Barbara's Reviews > Noah's Compass

Noah's Compass by Anne Tyler
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Apr 22, 11

Read in December, 2010

As I read this book, I was often reminded of the television show, Seinfeld , which was purportedly about nothing, but beneath the surface there was usually more. I have read and enjoyed many of Anne Tyler's novels. They all seem to share the trend of family disharmony and often are similar in style, if not content.

Noah's Compass is a low-key, meandering story. While sleeping, Liam Pennywell sustained a head injury as a result of an attack by an assailant who broke into his room. This concussion caused him to have amnesia surrounding the event. He feels great anxiety about this lapse. In fact, it appears that this entire novel is devoted to forgetfulness and remembering. He is a 60 year old philosopher, who seems to have lived his life in a state of oblivion. It is surprising that he had never utilized his chosen profession, nor did his character, for the most part, seem to apply his knowledge in his actions. His relationship with others lacks many social graces- he is "clueless". In fact, he is devoid of deep friendships and firm family ties. As the story progresses he views his life.

"All along, it seemed, he had experienced only the most glancing relationship with his own life. He had dodged the tough issues, avoided the conflicts, gracefully skirted adventure." (p.241)

"I haven't exactly covered myself in glory. I just...don't seem to have the hang of things, somehow. It's as if I've never been entirely present in my own life. (p.263)

Tyler's style is pleasant, clear and illustrative, but lacks elements of tension. She does lend touches of whimsy and humor in many unexpected areas. Her characters,while clearly etched, are predominantly self-centered, rather unlikable and unattractive. Despite Liam's deficits, one can easily feel compassion for his state. His life is not completely devoid of human contact. An unexpected delight is his teen-age daughter, Kitty. While she is typical of most adolescents,she is the hopeful endearing figure in this story.

Although I have shown some lack of enthusiasm for this novel, I can state that it was an enjoyable, pleasant interlude for me.

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Comments (showing 1-14 of 14) (14 new)

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Teresa I ended up really liking this book. I thought the characters were very 'real,' and I loved the ending.


message 2: by K.D. (new)

K.D. Absolutely Nice review, B.
I still have to try Anne Tyler. I have her "Breathing Lesson". Is it the good book to start?


Barbara Teresa, I thought that these selfish individuals were real too, but quite unlikable.

KD, that's a good place to start.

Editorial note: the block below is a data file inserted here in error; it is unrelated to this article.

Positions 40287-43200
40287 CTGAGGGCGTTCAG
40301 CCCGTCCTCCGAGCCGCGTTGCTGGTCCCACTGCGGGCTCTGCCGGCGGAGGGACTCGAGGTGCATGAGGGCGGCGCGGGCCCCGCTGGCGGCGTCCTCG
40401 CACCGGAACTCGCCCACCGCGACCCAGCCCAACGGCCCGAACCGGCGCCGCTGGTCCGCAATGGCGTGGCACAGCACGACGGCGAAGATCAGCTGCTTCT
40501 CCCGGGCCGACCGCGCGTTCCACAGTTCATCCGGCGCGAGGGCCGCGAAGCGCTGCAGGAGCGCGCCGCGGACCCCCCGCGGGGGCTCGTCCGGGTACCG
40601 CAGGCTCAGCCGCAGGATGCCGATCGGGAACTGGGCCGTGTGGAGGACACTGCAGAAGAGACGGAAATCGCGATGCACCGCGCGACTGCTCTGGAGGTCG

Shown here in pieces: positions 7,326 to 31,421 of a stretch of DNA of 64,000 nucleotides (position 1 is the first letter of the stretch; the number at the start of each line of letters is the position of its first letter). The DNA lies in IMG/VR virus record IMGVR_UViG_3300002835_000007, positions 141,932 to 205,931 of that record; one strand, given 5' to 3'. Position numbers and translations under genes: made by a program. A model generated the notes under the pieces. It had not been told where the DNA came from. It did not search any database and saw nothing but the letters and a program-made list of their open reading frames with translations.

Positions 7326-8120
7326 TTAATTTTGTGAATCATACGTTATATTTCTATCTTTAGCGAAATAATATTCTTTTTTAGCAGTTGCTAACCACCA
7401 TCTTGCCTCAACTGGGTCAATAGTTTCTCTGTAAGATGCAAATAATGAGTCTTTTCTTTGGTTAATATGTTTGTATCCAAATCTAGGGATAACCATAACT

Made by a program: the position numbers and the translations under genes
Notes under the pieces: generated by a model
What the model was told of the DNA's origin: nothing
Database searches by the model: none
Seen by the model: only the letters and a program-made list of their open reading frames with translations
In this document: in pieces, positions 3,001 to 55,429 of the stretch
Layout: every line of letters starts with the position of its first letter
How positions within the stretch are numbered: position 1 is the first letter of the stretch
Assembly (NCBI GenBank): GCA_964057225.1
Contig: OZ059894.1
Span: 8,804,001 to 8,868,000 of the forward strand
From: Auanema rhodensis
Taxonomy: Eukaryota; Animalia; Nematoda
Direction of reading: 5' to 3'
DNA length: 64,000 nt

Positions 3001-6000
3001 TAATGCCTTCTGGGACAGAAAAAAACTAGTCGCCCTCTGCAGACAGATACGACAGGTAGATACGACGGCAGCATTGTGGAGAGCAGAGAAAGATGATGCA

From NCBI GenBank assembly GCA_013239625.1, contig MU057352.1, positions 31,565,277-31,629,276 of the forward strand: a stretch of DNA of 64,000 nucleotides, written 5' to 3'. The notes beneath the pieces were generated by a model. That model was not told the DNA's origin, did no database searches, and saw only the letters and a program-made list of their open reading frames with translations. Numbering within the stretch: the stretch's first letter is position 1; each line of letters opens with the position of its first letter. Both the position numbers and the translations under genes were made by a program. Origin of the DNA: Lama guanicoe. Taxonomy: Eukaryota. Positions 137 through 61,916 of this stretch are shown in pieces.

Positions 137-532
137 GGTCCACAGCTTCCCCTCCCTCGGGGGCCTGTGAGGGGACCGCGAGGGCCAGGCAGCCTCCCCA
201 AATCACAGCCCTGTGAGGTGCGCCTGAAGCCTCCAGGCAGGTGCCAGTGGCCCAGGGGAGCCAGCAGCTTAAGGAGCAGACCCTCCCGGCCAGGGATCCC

message 4: by Teresa (last edited Dec 29, 2010 09:22AM) (new) - rated it 5 stars

Teresa Barbara wrote: "Teresa, I thought that these selfish individuals were real too, but quite unlikable.

KD, that's a good place to start."


As I've said before, 'unlikable' means nothing to me when I'm reading. :)

KD, her Breathing Lessons is good, but I prefer Dinner at the Homesick Restaurant. Of course, since you already have BL, I agree that it is a good place to start to see if you like her style.


message 5: by K.D. (new)

K.D. Absolutely Thanks, T and B.
Happy New Year!


Teresa K.D. wrote: "Thanks, T and B.
Happy New Year!"


Happy New Year!


Cynthia I couldn't help laughing at the contrast between this and your current read by Chaon. Can't wait to hear your take on that.


Barbara Thanks, C. I'll keep you posted!


message 9: by Maria (last edited Jan 04, 2011 11:52AM) (new)

Maria What a nice review this is. I don't know what it is, but I have difficulty being interested in this author's novels, despite her clear competence & whimsy & eccentric characters & dysfunction. I've read only 1 (& 1/2!) of her books, however.


Teresa Maria wrote: "I don't know what it is, but I have difficulty being interested in this author's novels, despite her clear competence & whimsy & eccentric characters & dysfunction. I'..."

We can't all like everything, or even the same things, and thank goodness for that!


message 11: by Maria (new)

Maria I'd had such high hopes -- I feel forlorn to be in the minority (but always onward to the next author)!


Barbara Maria, you are not a minority! You are a Special Individual !
Teresa is right, we have differing tastes.


Jules I really appreciate your review and the likening to Seinfeld is really rather interesting. I think a lot of us live out in this kind of muffled space - or is this just me, ha! x


Barbara Thanks, Jules! I agree...


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